• Gwamegi is a Korean half-dried Pacific herring or Pacific saury made during winter. It is mostly eaten in the region of North Gyeongsang Province such as Pohang, Uljin, and Yeongdeok where a large amount of the fish are harvested. Guryongpo Harbor in Pohang is the most famous.[8][9][10] Fresh herring or saury is frozen at -10 degrees Celsius and is placed outdoors in December to repeat freezing at night and defreezing in the day. The process continues until the water content of the fish drops to approximately 40%.[11]
  • Hákarl is an Icelandic food consisting of a sleeper shark that has been fermented and dried for four or five months.
  • Harðfiskur is the Icelandic term for dried fish (stockfish), a delicacy in Iceland (eaten as is or usually with butter). A type of wind-dried fish, called skreið, also dried but including the head, is no longer eaten domestically in modern times but is sold mostly to Nigeria where it is used in soup.
  • Ikan asin is a dried and salted fish. It is an Indonesian dish and it is often served accompanied with steamed rice and sambal chili paste.
  • Jwipo is a kind of Korean fish jerky made by pressing, drying and seasoning filefish.
  • Katsuobushi is the Japanese name for dried, fermented, and smoked skipjack tuna, sometimes referred to as bonito.
  • A kipper is a whole herring, a small, oily fish,[12] that has been split from tail to head, gutted, salted or pickled, and cold smoked.
  • Kusaya is a Japanese style salted, dried and fermented fish. It has a pungent smell, similar to the fermented Swedish herring called surströmming.
  • Maldive fish is cured tuna traditionally produced in the Maldives. It is a staple of the Maldivian cuisine, as well as Sri Lankan cuisine.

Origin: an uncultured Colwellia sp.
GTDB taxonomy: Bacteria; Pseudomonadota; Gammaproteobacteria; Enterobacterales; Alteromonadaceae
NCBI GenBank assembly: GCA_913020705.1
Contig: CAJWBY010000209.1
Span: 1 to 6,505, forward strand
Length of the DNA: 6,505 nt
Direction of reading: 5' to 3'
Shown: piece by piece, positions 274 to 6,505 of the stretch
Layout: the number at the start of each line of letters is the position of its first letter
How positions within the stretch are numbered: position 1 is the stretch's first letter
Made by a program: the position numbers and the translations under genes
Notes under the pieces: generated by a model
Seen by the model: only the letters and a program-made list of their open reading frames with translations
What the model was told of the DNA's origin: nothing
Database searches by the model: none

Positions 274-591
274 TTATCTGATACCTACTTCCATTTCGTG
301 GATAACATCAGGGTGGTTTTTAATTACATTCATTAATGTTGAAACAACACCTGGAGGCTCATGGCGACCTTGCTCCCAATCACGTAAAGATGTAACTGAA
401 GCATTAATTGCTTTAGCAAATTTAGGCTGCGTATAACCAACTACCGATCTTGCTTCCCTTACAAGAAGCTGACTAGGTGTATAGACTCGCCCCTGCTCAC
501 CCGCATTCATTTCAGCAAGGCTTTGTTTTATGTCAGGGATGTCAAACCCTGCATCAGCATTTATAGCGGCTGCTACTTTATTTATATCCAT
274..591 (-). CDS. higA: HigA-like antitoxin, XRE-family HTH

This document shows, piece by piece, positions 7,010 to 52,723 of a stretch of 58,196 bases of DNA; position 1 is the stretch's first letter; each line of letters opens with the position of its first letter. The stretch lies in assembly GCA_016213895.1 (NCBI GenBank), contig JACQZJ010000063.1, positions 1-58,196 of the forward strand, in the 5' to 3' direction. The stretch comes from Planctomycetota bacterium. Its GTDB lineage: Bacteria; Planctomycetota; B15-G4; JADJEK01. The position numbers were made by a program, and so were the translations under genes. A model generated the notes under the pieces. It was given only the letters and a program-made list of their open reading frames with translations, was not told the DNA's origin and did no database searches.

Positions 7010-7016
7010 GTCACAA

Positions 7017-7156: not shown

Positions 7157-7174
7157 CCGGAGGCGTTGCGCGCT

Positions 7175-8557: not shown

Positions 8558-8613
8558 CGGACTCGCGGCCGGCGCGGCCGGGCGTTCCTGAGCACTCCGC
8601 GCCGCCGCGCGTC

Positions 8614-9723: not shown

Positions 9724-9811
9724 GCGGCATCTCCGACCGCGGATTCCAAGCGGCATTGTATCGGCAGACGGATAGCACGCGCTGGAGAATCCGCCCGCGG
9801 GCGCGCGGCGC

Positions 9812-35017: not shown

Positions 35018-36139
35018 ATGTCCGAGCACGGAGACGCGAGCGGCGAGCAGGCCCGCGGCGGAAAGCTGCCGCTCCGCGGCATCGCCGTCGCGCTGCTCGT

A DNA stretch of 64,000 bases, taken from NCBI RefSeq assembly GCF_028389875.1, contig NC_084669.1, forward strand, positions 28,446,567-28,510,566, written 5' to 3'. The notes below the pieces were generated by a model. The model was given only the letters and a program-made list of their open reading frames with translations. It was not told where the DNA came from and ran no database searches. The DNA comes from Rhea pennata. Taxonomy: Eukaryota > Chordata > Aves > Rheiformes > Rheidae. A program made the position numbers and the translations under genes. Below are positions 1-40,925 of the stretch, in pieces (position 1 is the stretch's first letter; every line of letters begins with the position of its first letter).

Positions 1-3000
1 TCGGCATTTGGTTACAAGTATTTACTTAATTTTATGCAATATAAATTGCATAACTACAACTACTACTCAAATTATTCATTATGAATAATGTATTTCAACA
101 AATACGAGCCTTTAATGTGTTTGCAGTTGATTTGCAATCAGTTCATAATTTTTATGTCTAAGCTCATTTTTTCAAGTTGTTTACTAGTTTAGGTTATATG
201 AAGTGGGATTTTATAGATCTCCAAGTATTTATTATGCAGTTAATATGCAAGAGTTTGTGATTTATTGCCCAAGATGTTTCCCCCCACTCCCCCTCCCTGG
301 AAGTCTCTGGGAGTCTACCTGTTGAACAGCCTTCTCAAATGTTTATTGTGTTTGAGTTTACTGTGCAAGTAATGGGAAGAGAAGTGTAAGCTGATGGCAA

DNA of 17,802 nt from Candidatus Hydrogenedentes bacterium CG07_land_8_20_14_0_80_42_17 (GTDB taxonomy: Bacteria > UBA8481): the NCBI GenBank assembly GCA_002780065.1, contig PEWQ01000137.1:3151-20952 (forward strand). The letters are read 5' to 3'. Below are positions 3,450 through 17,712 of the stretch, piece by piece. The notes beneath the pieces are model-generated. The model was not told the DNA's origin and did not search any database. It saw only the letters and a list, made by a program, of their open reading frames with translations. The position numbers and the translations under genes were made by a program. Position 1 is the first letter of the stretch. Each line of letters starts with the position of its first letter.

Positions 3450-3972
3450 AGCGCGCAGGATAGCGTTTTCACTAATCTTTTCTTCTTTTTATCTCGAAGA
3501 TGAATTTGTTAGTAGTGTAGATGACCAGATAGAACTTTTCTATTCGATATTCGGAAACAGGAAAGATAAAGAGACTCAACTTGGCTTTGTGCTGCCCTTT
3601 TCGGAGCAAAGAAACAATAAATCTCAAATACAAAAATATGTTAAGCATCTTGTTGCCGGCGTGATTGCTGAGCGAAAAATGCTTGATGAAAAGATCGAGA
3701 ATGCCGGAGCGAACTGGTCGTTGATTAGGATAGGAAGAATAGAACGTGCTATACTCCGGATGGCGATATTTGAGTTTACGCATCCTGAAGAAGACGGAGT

• Mojama (Spain) consists of filleted salt-cured tuna. The word mojama comes from the Arabic musama (dry), but its origins are Phoenician, specifically from Gdr (Gadir, Cádiz today), the first Phoenician settlement in the Western Mediterranean Sea. The Phoenicians had learned to dry tuna in sea salt so they could trade it. Mojama is made by curing tuna in salt for two days. The salt is then removed, the tuna is washed and then laid out to dry in the sun and the breeze (according to the traditional method) for fifteen to twenty days.
  • Niboshi is the Japanese name for dried infant sardines that are both eaten as a snack and used to make soup stock. They are also eaten in Korea.
  • Obambo is dried tilapia, prepared by cutting the fish open and drying it in the sun for several days.[13] It is popular among the Luo and Luhya tribes, who live along the shores of Lake Victoria in Kenya. Traditionally, fishing was strictly forbidden during the rainy seasons, and people relied on obambo caught earlier and preserved.[14]